No-one should say, "We should split up". 


A friend once told me that a PhD "sounds like a horror movie". I guess if you combined the isolation of The Shining with the fanaticism of Misery and the sleep deprivation of Nightmare on Elm St, you might get an outsider's view of the PhD experience. That's how it seems to get represented sometimes!

My first year, in contrast, has been rewarding, fun and - for the most part - free from human sacrifice. There is one horror movie trap I have seen others fall into, however, and that's saying, "we should split up".

You'll never make it to the closing credits of your degree without support. Your supervisor should be your biggest cheerleader, trusting you to follow your own interests and using their experience to guide you forward. You'll also have lab mates or office buddies – ask them for advice, share stories, celebrate their progress and they'll celebrate yours. La Trobe has a whole office of people with the knowledge and the tools to help you survive the zombie apocalypse next few years.

Finally, there is a whole online community of people like you - just type #PhD or #PhDChat into Twitter and you'll be amazed at the number of researchers willing to share advice and support, 24/7.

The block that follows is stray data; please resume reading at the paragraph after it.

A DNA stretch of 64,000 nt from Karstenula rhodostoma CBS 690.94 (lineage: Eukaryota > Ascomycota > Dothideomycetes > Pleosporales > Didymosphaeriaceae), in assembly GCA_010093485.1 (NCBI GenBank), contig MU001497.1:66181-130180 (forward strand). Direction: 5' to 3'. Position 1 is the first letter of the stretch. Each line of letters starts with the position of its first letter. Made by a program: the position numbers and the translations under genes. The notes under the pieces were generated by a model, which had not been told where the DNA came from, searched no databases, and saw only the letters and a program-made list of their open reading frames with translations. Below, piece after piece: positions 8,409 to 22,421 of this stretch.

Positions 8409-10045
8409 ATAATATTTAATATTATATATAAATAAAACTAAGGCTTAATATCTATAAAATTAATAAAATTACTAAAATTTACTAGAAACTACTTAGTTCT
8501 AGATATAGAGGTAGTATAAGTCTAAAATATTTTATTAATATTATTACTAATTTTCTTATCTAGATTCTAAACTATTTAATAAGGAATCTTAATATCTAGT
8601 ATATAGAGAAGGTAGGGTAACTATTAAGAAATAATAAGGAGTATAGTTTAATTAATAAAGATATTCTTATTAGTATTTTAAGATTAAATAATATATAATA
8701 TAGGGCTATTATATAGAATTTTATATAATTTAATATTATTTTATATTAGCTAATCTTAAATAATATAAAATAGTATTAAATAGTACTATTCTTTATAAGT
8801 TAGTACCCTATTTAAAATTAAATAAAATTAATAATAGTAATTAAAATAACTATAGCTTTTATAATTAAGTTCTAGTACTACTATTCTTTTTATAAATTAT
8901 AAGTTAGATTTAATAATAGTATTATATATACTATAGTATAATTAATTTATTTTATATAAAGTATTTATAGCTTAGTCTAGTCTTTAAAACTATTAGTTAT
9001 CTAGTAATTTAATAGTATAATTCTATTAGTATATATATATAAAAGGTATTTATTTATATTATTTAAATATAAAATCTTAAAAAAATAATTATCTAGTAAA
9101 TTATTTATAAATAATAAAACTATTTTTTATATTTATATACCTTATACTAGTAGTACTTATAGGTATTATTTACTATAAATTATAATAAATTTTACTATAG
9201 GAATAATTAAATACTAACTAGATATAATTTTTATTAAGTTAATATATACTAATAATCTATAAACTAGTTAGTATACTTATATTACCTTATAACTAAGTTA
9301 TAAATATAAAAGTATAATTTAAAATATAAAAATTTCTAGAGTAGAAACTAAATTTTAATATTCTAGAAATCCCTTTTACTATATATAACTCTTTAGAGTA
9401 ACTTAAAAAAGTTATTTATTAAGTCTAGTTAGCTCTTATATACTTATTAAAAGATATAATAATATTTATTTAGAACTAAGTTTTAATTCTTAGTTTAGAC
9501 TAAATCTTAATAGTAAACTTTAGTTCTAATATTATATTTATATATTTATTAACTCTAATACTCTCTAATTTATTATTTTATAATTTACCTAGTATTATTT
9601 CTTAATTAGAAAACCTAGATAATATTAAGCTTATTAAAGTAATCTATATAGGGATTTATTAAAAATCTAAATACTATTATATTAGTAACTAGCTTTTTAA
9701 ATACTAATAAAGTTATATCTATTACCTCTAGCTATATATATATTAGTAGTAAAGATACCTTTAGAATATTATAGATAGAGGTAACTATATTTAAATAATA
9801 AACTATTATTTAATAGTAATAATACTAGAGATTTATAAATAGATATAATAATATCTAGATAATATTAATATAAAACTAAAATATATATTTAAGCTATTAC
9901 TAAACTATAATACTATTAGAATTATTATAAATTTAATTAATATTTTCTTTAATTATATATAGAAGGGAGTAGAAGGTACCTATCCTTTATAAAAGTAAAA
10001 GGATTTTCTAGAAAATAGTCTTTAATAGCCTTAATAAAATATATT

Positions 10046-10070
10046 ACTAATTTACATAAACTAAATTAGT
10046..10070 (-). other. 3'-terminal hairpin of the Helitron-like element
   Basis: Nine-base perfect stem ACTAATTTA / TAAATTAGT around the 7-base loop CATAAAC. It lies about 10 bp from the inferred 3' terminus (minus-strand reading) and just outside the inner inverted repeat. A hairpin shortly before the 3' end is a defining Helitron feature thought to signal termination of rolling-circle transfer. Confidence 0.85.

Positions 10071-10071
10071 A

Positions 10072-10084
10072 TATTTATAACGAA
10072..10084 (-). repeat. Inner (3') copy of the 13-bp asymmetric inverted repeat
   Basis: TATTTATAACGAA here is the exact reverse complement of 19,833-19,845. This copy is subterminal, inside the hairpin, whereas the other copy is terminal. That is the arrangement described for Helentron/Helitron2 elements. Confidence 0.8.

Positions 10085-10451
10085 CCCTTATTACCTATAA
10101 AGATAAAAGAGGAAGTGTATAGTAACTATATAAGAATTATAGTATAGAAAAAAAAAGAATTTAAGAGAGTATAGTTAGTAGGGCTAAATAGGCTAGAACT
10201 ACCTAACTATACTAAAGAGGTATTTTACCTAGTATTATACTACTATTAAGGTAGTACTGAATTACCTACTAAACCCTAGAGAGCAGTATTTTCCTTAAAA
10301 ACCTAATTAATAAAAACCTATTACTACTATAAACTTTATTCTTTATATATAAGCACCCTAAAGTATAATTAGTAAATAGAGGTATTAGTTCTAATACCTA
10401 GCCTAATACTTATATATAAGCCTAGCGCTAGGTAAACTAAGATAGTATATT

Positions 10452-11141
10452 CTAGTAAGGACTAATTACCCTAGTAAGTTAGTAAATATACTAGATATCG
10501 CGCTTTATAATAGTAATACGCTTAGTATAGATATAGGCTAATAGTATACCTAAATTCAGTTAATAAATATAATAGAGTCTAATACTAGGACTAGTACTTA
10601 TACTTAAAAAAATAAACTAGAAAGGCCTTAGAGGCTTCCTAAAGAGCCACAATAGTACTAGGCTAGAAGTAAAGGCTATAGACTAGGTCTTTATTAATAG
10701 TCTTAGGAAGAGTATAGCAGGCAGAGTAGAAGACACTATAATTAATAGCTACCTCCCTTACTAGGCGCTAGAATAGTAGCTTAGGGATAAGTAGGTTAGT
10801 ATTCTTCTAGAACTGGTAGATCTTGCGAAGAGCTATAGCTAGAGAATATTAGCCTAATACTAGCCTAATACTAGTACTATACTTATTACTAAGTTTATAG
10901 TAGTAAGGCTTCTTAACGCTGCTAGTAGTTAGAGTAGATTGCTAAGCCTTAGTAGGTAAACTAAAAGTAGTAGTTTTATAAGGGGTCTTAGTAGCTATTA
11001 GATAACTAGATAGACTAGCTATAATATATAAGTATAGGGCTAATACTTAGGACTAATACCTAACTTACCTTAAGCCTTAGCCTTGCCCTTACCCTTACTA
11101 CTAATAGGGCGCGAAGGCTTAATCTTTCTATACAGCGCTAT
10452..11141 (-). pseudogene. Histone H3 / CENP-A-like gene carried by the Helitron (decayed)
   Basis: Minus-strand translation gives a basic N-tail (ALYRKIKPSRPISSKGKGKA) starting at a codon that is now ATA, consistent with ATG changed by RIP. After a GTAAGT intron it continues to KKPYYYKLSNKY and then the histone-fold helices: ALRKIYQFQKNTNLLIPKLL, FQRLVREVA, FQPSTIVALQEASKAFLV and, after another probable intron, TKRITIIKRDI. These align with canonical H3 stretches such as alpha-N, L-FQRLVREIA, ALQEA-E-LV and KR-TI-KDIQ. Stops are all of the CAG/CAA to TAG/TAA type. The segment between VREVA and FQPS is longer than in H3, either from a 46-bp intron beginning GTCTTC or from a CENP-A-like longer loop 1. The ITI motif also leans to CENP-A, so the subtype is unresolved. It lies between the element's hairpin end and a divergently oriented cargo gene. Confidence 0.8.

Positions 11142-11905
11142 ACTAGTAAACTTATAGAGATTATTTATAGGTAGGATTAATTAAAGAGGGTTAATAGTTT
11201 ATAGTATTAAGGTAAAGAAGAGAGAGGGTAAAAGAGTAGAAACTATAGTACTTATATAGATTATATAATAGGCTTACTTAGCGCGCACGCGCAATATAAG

Don't let your boulder crush you!


Unfortunately, not every day feels like progress. Sometimes, I feel like Sisyphus, who was condemned to an eternity of rolling a boulder up a hill, only to have it roll back down to the bottom. If you try to fight those days by working harder and longer, your boulder is more likely to crush you than make it to the top of the hill.

Sometimes, just making it to uni is an accomplishment – so treat it like one. Break your goals into smaller pieces, go away for the weekend, write 'done' lists instead of 'to-do' lists, share your struggles with your supervisors and friendly colleagues. Maybe Sisyphus could have gotten the boulder up the hill if he'd just asked for help.

A PhD is hard work, but it's not supposed to be all-consuming. Being unable to switch your brain off, trouble sleeping, negative impacts on your relationship or a sense of dread about university are not "just part of a PhD". If you find yourself at any of these points, make use of La Trobe’s student Health and Wellbeing services and resources, or talk to your own GP.

I feel that by ending on such a serious note, you're probably tempted to press the "Eject" button already. Don't do it! I’m only one year into my PhD, but it's already been one of the most fascinating and rewarding journeys I've made.

Orientation Dave, you're in for an awesome year – make the most of it!

Good luck!

Confirmation Dave

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David Cann is a second-year PhD student in the Crop Agronomy Group at La Trobe University. His research focuses on breeding winter wheat varieties for low-rainfall zones, helping crop farmers in southern Australia adapt to changing climate conditions. 

He is interested in farm management, sustainable agriculture and global food security. 

David is an avid traveller and has a Diploma of Languages in Italian. He tweets from @the_ag_lab.